We’ve been discussing children’s apps within the New-Startups.com team recently and what goes into making a successful kid’s app. Does the design have to be imaginative or does the user experience / ease of use of have to be a more dominant factor? Children have boundary-less imagination and trying not to stifle that creativity while still developing a kid-friendly application can be a daunting task. But when we stumbled upon Suwappu our debate heightened. This gorgeous and well thought-out application puts augmented-reality with a toy to be viewed on a smartphone, but is this app more for kids or an older demographic that collects toys and understands what augmented-reality is.
Developed by Dentsu and Berg, Suwappu (a prototype), works like this: Start by placing one of the woodland toy creatures developed by Dentsu on a table top and then point your smartphone, with the Suwappu app initialized at the characters. The app then recognizes the face of the toys via the phone’s camera and then generates a 3-D world on your phone around the character, complete with text bubbles from the toys themselves. Thus, creating a storytelling environment that really makes these toy characters come to life.
The technology behind Suwappu is simply amazing-the developers have created an app recognition system that doesn’t use QR Codes, rather the camera is able to decipher the face designs of Suwappu toy characters – making it a “markerless augmented reality and a cutting-edge computer vision”. The magnificent computer vision easily brings a 3-D world that is designed with imagination and whimsy to the palms of your hands in real-time.
Seeing this augmented-reality app in action makes us wonder, is this really a good thing for kids? Growing up I played with Transformers, Thunder Cats and GI Joes. While the artsy environments I dreamt of weren’t as immersive as those shown in the Suwappu app, they were still my own ideas, creativity and thoughts. Does this app rob kids of the opportunity to develop their own atmospheres with the toys? Michael Webb of Berg says: “when I watched the cartoon [Transformers as a kid], I was all the more engaged for having had the actual Transformers toys in my hands. With Suwappu, the stories and the toys are happening in the same place at the same time, right in my hands and right in-front of you.”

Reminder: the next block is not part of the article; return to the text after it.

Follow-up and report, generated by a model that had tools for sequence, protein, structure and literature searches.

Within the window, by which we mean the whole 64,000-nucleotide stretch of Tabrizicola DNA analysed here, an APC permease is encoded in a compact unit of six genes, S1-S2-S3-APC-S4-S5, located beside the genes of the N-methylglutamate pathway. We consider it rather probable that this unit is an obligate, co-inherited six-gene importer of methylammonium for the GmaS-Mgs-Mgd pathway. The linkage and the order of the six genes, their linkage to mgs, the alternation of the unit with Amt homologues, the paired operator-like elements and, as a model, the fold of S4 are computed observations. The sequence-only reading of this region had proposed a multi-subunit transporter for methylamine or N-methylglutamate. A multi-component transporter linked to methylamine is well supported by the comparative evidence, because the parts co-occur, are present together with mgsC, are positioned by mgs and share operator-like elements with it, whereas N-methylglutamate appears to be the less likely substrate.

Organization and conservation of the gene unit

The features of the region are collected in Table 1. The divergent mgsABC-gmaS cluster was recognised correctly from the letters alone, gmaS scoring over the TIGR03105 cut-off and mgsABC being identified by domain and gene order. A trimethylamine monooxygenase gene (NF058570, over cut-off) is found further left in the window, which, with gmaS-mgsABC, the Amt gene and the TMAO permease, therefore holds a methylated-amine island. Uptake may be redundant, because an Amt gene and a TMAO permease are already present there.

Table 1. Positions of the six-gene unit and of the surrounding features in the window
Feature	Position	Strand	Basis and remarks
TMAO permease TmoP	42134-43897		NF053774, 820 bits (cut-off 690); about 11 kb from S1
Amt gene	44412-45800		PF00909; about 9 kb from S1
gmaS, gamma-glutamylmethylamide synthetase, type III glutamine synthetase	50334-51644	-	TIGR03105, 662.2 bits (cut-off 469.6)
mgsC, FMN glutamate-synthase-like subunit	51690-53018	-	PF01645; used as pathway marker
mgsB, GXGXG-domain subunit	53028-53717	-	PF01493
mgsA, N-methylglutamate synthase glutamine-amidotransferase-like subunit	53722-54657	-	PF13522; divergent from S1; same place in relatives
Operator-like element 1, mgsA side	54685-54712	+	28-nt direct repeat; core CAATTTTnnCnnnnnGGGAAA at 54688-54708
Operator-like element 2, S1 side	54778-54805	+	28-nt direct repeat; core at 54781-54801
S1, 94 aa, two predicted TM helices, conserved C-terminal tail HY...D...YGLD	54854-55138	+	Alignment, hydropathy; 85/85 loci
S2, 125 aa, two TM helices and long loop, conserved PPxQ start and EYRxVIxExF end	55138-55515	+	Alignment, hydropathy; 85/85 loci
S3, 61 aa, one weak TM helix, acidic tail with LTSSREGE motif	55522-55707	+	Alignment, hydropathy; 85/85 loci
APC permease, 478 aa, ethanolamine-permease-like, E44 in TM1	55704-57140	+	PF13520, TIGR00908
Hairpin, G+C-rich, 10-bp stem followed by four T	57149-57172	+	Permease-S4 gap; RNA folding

In the end the Suwappu application / game / story book is an ingenious technology and an application that should spur ideas for story telling to new frontiers. What do you think, should imagination be left in kid’s heads or can it be heightened through augmented reality platforms with hand-held toys?
- Read more about the prototype here: http://www.dentsulondon.com/blog/2011/10/07/suwappu-prototype/
- Read more about Suwappu here: http://www.dentsulondon.com/blog/2011/10/07/suwappu-prototype/
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